WAYNE ROONEY is facing up to the ‘difficult’ prospect of having his best players sold off in January – knowing he can do nothing to stop it happening.
But he insists he would ‘never forgive himself’ if he walked out on his squad now.
Owner Mel Morris’ decision on Friday night that the Rams should go into administration has ‘shocked’ players and staff.
Rooney – already preparing for a nine point deduction from the club’s dispute with the EFL over financial irregularities – knows Derby will be hit with an extra 12 point penalty.
But the Rams boss now wants a new owner to step in quickly – otherwise there will be a fire sale in January which could see the Rams’ top players sold, with Rooney unable to buy replacements under a transfer embargo.
Rooney said: “We’ve got a few months to try and get some investors in.
“If we get to January, the administrators can sell my players and there’s nothing I can do about it. That’ll be very difficult, a hard one to take.”
Rooney has always said he will not walk away from the job – despite the latest development which appears to have been done behind his back.
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And he revealed why he is so committed to staying at Pride Park after a defiant win over Stoke with goals from Max Bird, celebrating his 21st birthday, and Curtis Davies – former Ram Tom Ince replied for promotion-chasing Stoke.
Rooney said: “I care.That’s for days like Saturday. If you don’t have those characters, you don’t get those performances.
“I’m enjoying that side of it. And I wouldn’t forgive myself if I walked out on those players, because I’m asking them to sacrifice a lot, and give everything.
“So for me to leave them in the lurch and walk out, that’s just not in my nature.
“But I put Saturday’s date up at the end of the team meeting, and I said to the players: ‘Today could be a big day in the club’s history. It’s on you to decide how the fans look back on this day’.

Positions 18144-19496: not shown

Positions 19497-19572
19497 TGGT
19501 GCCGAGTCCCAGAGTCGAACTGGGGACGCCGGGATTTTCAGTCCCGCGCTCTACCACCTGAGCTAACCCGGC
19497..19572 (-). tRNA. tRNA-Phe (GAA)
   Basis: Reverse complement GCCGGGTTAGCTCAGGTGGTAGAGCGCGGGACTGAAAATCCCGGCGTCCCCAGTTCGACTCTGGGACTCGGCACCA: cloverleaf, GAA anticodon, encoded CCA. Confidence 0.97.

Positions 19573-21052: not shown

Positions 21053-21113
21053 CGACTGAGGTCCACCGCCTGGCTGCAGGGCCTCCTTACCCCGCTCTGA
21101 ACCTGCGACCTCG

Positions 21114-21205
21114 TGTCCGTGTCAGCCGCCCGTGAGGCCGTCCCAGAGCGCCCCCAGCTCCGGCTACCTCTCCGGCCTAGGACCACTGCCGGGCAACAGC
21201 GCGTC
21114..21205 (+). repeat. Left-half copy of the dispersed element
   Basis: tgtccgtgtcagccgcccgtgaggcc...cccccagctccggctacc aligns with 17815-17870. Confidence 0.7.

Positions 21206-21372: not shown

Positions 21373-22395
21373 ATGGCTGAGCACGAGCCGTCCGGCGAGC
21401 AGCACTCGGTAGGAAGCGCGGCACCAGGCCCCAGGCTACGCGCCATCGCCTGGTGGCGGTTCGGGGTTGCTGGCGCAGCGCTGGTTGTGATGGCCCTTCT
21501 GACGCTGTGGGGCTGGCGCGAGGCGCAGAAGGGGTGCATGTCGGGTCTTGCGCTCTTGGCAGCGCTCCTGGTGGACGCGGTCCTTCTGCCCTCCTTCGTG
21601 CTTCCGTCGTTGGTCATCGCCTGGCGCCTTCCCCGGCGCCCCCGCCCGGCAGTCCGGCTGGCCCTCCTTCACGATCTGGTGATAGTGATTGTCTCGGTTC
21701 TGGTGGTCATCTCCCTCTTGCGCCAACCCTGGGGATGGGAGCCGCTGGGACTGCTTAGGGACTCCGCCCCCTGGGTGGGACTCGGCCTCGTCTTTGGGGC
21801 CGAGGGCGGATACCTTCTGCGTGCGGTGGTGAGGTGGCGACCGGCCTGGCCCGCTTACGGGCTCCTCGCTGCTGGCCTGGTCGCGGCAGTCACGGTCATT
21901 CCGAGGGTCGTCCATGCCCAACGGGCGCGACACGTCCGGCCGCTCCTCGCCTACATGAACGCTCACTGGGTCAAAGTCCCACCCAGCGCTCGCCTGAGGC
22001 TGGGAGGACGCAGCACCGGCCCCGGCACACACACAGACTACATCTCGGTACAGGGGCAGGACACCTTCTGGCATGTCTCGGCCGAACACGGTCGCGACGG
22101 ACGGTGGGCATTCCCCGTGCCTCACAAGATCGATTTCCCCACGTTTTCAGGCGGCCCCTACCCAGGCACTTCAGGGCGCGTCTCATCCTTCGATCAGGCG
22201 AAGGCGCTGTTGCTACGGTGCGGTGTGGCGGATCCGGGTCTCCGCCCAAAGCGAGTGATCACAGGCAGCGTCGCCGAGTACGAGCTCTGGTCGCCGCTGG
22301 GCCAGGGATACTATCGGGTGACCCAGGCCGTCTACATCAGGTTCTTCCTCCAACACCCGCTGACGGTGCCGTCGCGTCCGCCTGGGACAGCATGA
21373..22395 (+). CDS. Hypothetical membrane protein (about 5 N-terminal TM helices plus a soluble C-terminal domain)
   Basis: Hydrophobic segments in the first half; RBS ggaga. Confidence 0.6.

“I think the fans will look back and realise what a huge effort the players gave.
“I didn’t expect my first job to be like this. But, as a manager, you have to be ready for anything and adapt – most important are the people I work closely with at the club.”
Rooney says there have been no talks yet between himself and Morris.
The Manchester United and England legend said: “I haven’t had contact with him for a while now.
“I was going through Stephen Pearce the chief executive. But he couldn’t really give me any information because he didn’t know it himself.
“All I’ve done is be as open and honest as I can with the players and the press, with any information I knew, because I wanted to give the fans something.
“They deserve that. It’s been frustrating for everyone. It’s a sad time for the club, but we can rise from this.
“It was a tough evening on Friday. I sat down with my kids to watch the Newcastle game.
“Then to see the news just before the game, I knew it was going to be a long night. I spoke to my staff and my coaches, and we started planning for this morning, with the players, with the staff.”
Rooney addressed the prospect of players not being paid.
He said: “This is all new to me. I’m assuming the administrators will pay the salaries, and my job is to make this club look attractive
“Because it is a very attractive club. It’s a big club. And performances like this will only help.”
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